More ideas


#1

Like most (if not all) the members in here, I can’t go anywhere without seeing items and wondering if they are laserable… The latest are “beads” from Hobby Lobby or Michaels or tuesday mornings. Looking for larger ones made of shell, tourquoise or acrylic (not plastic). these turquoise beads engraved(scored) well - havent tried an inticate engrave yet. ( sorry for pic quality…) $1.99 for this string…


Also found some beads 50% off at Michaels. I think shell will engrave…


#2

Love it. I’m looking at some agate, too.


#3

I was just wondering about turquoise a few days ago, can’t wait to get my :glowforge: to try out my long list of potential materials…


#4

I have the same problem. I have so many bits and bobs saved up to test that I could keep myself busy for months on just those things (years, really, considering the amount of actual free time I have these days).


#5

Michaels had a 55% off bead sale this weekend !!


Picked up some Jasper(stone), shell,howlite(?) stone,aventurine and amazonite stone beads to engrave… Now to come up with ideas for the holidays…


#6

As of today they still have some beads on sale. I picked up a bunch and did a tiny bit of testing on some agate. I’m pretty happy with how they came out!

(Some of you may recognize the symbol. If I ever find an appropriate green stone in a circular shape I may do the owl ring.)

The one on the left was done as a manual cut (score). The one on the right is an engraved version. (I took the vector shape, did an “expand stroke” operation on it in Affinity Designer to make a filled shape rather than a stroked curve.)

My cardboard jig. Note that I cut the hole to fit the larger of the two beads (the one I used for scoring the vector) so for my second test I had to just try to center the smaller bead in the middle of the rectangle. In this case eyeballing it was close enough, but for something where I need to be more exact I’d measure each bead separately and cut a separate hole.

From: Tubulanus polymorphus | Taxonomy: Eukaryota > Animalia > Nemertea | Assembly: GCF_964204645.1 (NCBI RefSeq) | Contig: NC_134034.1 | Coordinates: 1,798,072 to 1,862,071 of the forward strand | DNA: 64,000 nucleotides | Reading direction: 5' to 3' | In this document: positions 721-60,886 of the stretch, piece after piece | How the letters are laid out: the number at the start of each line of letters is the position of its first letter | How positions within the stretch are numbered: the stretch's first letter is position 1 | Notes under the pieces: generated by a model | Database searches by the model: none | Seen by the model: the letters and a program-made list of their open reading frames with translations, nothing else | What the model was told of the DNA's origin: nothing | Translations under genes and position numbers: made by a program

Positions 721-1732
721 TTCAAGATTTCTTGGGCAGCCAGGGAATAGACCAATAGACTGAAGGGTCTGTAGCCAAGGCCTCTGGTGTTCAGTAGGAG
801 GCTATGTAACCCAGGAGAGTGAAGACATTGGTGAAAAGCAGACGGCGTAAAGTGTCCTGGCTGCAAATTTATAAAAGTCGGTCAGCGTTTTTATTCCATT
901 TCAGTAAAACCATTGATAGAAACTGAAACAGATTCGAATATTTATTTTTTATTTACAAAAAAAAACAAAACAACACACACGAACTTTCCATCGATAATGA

The cardboard is just a scrap cut from the proofgrade packaging. :slight_smile:

My PDF file in case anyone is interested. The black rectangle was for cutting the hole in the cardboard (with everything else set to ignore). Then I turned off that cut and either turned the stroked version of the symbol (red) into a manual cut (to score it) or set the expanded/filled version (blue) to manual engrave. (I won’t list the settings here, as that’s verboten in the Made on a Glowforge section, but the numbers I used were just a wild guess. They turned out ok, but I’ll probably tweak it more the next time I mess with these beads. I’ll make a separate post with settings for multiple types of stone bead in the future after I’ve done some more experiments.


#7

Those beads are beautiful, and they look awesome when they’re carved! :grinning:


#8

That came out lovely! I engraved some green aventurine a while back, but the color of my stone was so pale that the engraving didn’t really stand out. Yours has better contrast than mine did.


#9

Agate is lovely. I’ll be posting a piece soon.


#10

Today I tried some (red-dyed) Howlite. It’s a naturally white stone with grey veins and is usually dyed other colors (e.g., turquoise-colored to make “turquenite”).

Whereas the agate I experimented with before turns a bright white when cut, the Howlite reveals its natural mottled white/grey interior. So scoring doesn’t stand out as much and engraving yields inconsistent brightness. Not all designs are going to look great on this stone, but it will certainly have its uses.

The first photo is an engrave. The second is a cut (score). Unlike my agate test I used the front/back of a single bead in this test. It’s an opaque stone, so there was no reason to waste two separate pieces on a test.

This particular piece started out with a lot of grey veins. I have other pieces that look like they’re probably a more solid white under the red dye, so they may produce better results on a busy pattern like this. The veiny ones are probably better used for simpler designs.

The stone is very soft and cuts go quite deep. The start/stop points for cuts are quite obvious (and I imagine could be even more distracting on an angular design) but that may perhaps improve as Glowforge improves the software. I doubt I’ll do any more cuts on this stone, however. I think it looks a lot better when engraved.

There’s a lot of black soot produced on both cuts and engraves, with a noticeable (but not strong) smell afterwards. It washes off easily enough. (These photos are post-washing.)


#11

Very neat effect with those veins. You could make some interesting carved foot smoothing stones with that technique. :grinning: